They soon moved to a Cayucos condominium and almost immediately began alienating neighbors, shouting obscenities, threatening and calling in complaints.
“It was like living next door to a real darkness,” said neighbor Jeff Pinkham. “We were afraid to go out.”
The Pinkhams moved out but misdemeanor harassment charges were filed against Veilleux and Rachelli.
“I think that was really the straw that broke the camel’s back,” Odom said. “That really gave them an identity and purpose … for the first time it gave them something concrete (saying) people were after them…’
“They greatly inflated the fact they simply were being charged with making harassing phone calls,” Odom said, adding that the point of the legal action was to get them counseling.
The couple began picketing outside the county courthouse and hiring and firing attorneys.
At the end of 1986, they sold their condo and bought a motorhome.
They were arrested and released at the Canadian border for having guns in their motorhome.
The couple’s language was laced with ethnic slurs and they wrote letters to Libyan leader Moammar Gadhafi and right wing extremists like the Ku Klux Klan, Christian Patriots and Aryan Nation.
Michael received at least one letter back from Gadhafi.
Barbara and Michael “saw themselves as international fugitives,” Odom said.
They took a last visit to Ojai a week before the shootout.
“He kept saying things like he hoped the world would end, then the whole thing would be over,” said Michael’s mother.
“I suspected something awful was going to happen. It was really scary.”
By March 2, 1987, they had made their way to Paso Robles. Barbara cut Michael’s long hair and beard, put the clippings in a plastic bag and stowed it in a sink in the motorhome.
They parked the motorhome next to the Paso Robles Municipal Courthouse and at about 5:40 p.m., they saw Metzger walk out of the courthouse and get in his car.
Veilleux and Rachelli were convinced they would start a nationwide riot and revolution.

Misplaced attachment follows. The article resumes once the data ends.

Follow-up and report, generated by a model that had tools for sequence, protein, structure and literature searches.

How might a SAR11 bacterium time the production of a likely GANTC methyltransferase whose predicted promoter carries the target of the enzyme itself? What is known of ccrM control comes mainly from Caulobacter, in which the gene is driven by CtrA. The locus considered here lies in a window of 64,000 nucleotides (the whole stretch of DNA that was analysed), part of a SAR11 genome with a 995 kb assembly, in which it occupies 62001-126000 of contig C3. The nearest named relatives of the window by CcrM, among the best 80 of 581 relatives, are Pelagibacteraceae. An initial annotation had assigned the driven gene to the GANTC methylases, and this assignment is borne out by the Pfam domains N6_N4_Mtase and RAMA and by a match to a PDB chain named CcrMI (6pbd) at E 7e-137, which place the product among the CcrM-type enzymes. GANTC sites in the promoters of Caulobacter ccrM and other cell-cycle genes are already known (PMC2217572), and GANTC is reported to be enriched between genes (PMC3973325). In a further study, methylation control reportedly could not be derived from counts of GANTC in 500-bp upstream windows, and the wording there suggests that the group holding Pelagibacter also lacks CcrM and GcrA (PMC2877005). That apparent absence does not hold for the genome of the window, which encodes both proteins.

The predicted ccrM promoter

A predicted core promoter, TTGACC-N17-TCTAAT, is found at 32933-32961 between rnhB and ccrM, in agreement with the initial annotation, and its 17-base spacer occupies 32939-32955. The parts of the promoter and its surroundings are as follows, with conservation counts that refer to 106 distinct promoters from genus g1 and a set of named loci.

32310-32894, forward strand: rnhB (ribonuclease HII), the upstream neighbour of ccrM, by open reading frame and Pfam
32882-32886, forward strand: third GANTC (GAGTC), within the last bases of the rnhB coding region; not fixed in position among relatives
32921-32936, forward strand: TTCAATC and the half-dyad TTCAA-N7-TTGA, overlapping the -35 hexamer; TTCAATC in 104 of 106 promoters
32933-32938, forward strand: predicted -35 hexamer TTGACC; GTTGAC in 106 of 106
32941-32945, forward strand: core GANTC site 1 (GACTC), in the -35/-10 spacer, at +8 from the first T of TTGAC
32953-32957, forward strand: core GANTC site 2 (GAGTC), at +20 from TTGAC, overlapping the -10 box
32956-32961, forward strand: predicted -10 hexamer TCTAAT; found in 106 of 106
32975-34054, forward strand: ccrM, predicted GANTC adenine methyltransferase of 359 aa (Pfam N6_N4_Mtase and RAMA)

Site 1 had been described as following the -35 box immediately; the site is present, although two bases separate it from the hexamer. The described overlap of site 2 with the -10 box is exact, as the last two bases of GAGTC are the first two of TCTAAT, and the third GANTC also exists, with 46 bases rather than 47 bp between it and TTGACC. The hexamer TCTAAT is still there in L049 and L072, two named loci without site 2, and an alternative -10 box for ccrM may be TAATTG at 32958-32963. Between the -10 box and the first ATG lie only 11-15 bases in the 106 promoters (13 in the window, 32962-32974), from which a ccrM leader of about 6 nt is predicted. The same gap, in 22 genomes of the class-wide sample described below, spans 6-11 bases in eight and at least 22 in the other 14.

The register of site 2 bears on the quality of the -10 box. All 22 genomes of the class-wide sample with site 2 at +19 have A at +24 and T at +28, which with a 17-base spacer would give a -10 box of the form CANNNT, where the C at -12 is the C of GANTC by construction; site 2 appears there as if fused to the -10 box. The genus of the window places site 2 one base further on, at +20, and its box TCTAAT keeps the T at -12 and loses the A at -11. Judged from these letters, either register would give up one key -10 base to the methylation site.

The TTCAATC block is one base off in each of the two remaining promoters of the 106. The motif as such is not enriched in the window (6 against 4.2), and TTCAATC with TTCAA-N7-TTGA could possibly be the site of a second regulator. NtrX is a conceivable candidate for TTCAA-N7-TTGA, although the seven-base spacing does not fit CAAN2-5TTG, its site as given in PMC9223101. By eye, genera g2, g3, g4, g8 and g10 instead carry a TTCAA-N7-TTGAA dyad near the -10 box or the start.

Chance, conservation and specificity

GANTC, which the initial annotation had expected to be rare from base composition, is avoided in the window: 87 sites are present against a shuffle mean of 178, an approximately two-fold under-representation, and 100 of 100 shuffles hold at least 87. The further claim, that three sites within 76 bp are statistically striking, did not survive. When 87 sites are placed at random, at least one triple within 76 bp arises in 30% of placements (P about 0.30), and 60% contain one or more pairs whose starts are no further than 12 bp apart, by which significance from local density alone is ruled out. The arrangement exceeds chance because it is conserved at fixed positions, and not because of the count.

Michael walked to Metzger’s car and ordered the attorney out at gunpoint.
Rachelli had a long list of specific potential victims, anti-semitic and homophobic rants and a declaration: “I am the spoken word. Steal weapons. I am the one promised to come.”
“Let their blood flow in the streets.”
Bailiff Bill Souza spotted Barbara Veilleux and Michael Rachelli in the courthouse parking lot with hostage Fredrick Metzger.
He warned the courthouse staff and called for backup.
Officers quickly took positions around the parking lot and called for the couple to drop their weapons.
About 45 minutes into the crisis, Metzger realized he was going to be killed, he later told his his wife.
The 73-year-old former Marine took a chance and grabbed Barbara Veilleux and applied a headlock which gave police a clear shot at Michael.
Veilleux broke free and shot Metzger in arm with the bullet passing into his abdomen.
Metzger collapsed to the ground.
Veilleux said Metzger didn’t know real pain because he had not given birth, and leveled her gun at his head.
Police opened fire and the couple were each hit by six of the 24 shots fired.
Sheriff’s Office deputy Greg Gray was wounded by pellets from a Paso Robles police officer’s shotgun.
A year after the shootout, he still was recovering from the injury. He bore no grudge.
“Sometimes bad things happen,” he said.
Deputy Bill Souza received a medal for the valor he showed in leading the charge on the armed couple.
Frederick Metzger recovered from the physical wound but said, “I don’t like to go to the courthouse. It’s psychological.”
Sheriff’s Office Lt. Vaughn Castle did a security survey of the courthouse.
“It was unexpected. No one had any idea those folks were that violent. The county government was aware they had a grievance. They picketed outside the courthouse here several times. But they were loony bins. So what can you do?” Castle asked.
The small Paso Robles Municipal Courthouse and one in Arroyo Grande have since been closed. A new $12.5 million Paso Robles courthouse opened in 2008.
Judge Donald Umhofer said, “It reminds us of how mortal we all are.
“I’ve had to assume in 99.44 percent of the situations I’ve [been] in, people do ultimately respect the law,” he said. “(But) there is a fringe element. There’s nothing I can really do about that fringe element.”